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Cherry Creek is a good example of Nevada’s cyclical mining history

Richard Moreno

One of the best examples of a typical 19th century boom-bust mining camp found in eastern Nevada is Cherry Creek.

Gold and silver were found near Cherry Creek in 1872. Within a few months, more than 1,000 people had moved into the boomtown and, by the middle of the following year, the town had a post office, a Wells Fargo office, several saloons and a number of other businesses.

Between 1872 and 1883, the town generally thrived as its mines continued to produce good quality gold and silver ore. By the late 1870s, several large stamp mills were operating in the area and Cherry Creek was the largest community in White Pine County.

In 1881, additional discoveries caused several businesses from other eastern Nevada mining camps to relocate to Cherry Creek, including the White Pine News, a newspaper formerly in the mining town of Hamilton. A year later, Cherry Creek made an unsuccessful attempt to wrestle the county seat from Hamilton.

Unfortunately, Cherry Creek’s mines were also starting to play out. Less valuable ore was being extracted and, unlike the town’s previous slumps, no new significant discoveries were made. By the mid-1890s, mining virtually had ceased in the Cherry Creek area and the town had declined to a population of several hundred.

But it’s hard to keep a good camp down. In 1905, the district revived with new finds and Ely’s Nevada Northern Railway was extended through Cherry Creek a year later.

This revival lasted only about three years and, by 1910, the town entered another decline. It perked up from 1933 to 1940, when the mines were once again reopened, but fell into another slump during World War II and gradually faded away.

A visit to Cherry Creek affords a good opportunity to see a relatively intact old-time Nevada mining camp. A handful of newer homes, mostly plywood houses and mobile homes, are interspersed with the brick, stone, mud and wooden ruins of the older community.

In some cases, the newer construction has been added on to an original wooden cabin or house — creating a mixture of materials and designs.

Wandering the dirt streets of Cherry Creek, you can find plenty of abandoned homes. For instance, the town contains a handful of ruins of crude sod houses built by 19th century miners.

These houses were constructed partially into the ground or hillside and featured wooden beam roofs, over which sod or grass panels were placed. The result is a house that looks a little like a potato cellar, half-buried into the ground, with wooden doors and interior walls.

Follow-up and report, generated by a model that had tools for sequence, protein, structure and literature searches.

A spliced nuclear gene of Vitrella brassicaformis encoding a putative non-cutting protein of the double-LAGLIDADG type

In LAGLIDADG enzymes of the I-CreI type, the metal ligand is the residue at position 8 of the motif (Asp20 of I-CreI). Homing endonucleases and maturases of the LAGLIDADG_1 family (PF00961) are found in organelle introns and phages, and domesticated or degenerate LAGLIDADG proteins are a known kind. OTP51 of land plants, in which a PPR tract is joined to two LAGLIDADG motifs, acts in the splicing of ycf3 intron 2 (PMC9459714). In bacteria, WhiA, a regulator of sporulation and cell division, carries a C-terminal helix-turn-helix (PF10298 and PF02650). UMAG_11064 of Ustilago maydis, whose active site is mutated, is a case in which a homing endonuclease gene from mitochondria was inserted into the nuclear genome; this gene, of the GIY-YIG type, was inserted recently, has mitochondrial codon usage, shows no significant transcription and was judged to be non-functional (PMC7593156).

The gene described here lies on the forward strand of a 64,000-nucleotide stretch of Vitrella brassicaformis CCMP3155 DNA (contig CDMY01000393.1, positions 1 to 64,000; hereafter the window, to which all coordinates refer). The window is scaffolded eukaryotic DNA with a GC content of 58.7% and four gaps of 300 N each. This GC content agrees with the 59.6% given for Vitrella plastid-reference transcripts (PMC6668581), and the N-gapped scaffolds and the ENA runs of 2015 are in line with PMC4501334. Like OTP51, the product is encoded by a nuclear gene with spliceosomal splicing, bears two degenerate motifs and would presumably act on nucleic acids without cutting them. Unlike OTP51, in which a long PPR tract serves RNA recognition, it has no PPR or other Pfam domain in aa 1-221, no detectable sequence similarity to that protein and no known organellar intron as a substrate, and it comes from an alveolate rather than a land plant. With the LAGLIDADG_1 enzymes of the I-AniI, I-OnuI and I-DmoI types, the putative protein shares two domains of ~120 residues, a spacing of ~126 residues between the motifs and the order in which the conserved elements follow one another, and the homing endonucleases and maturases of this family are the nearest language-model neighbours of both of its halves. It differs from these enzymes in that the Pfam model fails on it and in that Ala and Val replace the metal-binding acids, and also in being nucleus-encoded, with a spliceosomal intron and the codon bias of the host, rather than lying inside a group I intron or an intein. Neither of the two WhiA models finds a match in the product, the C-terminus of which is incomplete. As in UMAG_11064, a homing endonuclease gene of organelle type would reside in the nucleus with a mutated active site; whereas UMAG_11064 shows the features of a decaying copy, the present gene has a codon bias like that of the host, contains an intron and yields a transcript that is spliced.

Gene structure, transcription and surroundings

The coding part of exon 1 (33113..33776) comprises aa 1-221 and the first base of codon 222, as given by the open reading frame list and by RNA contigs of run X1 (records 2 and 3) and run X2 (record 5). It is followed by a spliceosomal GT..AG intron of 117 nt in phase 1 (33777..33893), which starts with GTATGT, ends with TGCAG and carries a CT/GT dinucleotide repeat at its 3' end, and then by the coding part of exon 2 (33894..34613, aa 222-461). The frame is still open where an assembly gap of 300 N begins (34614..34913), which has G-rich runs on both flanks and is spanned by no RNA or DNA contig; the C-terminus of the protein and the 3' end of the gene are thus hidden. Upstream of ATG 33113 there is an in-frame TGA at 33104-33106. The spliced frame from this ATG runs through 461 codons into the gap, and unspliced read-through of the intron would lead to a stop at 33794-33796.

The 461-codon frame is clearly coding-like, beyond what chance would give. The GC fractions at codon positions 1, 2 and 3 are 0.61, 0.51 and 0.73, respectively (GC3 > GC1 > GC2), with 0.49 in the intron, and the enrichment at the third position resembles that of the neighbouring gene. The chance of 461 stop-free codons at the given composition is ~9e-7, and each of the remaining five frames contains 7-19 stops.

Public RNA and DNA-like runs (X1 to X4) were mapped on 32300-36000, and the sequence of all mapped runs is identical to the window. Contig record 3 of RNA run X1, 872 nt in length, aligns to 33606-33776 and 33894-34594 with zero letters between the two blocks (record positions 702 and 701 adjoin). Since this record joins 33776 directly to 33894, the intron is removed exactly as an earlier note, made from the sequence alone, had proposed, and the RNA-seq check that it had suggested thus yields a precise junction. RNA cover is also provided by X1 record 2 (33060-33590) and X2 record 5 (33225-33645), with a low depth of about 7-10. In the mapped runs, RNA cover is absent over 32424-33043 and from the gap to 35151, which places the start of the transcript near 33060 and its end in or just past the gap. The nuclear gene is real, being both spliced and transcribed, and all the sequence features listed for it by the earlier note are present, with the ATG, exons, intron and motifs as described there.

Other homes are tiny wooden shacks with corrugated metal roofs. In some cases, you can still see furnishings, including bed frames, mattresses, wooden tables and curtains, inside these buildings.

These homes are also noteworthy because of the wonderful texture and appearance of their weathered, worn wooden walls. Behind nearly all of the two dozen abandoned houses, you will also still find an outhouse, most in fairly good condition.

One of the most impressive of the ruins is a solid, red brick home, at the north end of the town. Inside, you can also see wallpaper on the walls.

A handful of buildings scattered around the site indicate the influence of the railroad. These buildings, which include an old jail, are constructed of large, sturdy railroad ties.

In the center of the town, you can find the commercial district survivors, including a large red freight barn and an old saloon.

Across the road from the red barn are the impressive remains of several stone buildings, again reminders of the rather substantial business district once located there. An historic marker adjacent to the ruins tells the Cherry Creek story.

On the west side of town, is the old Cherry Creek schoolhouse, still in good shape, which is now a museum. Inside, you will find an assortment of antique bicycles, mining tools and furnishings collected from the area. The museum is open by appointment (775-289-3720).

On a hill south of the town, with a beautiful view of the surrounding Steptoe Valley, are at least three large cemeteries containing dozens of wooden and marble tombstones.

Adjacent to the cemeteries is an old, single-story log cabin structure upon which is written the word “Jail.” It’s the kind of place that would make you think twice about a life of crime.

For information on Cherry Creek, go to http://www.greatbasinheritage.org/cherry-creek-nevada.

Rich Moreno writes about the places and people that make Nevada special.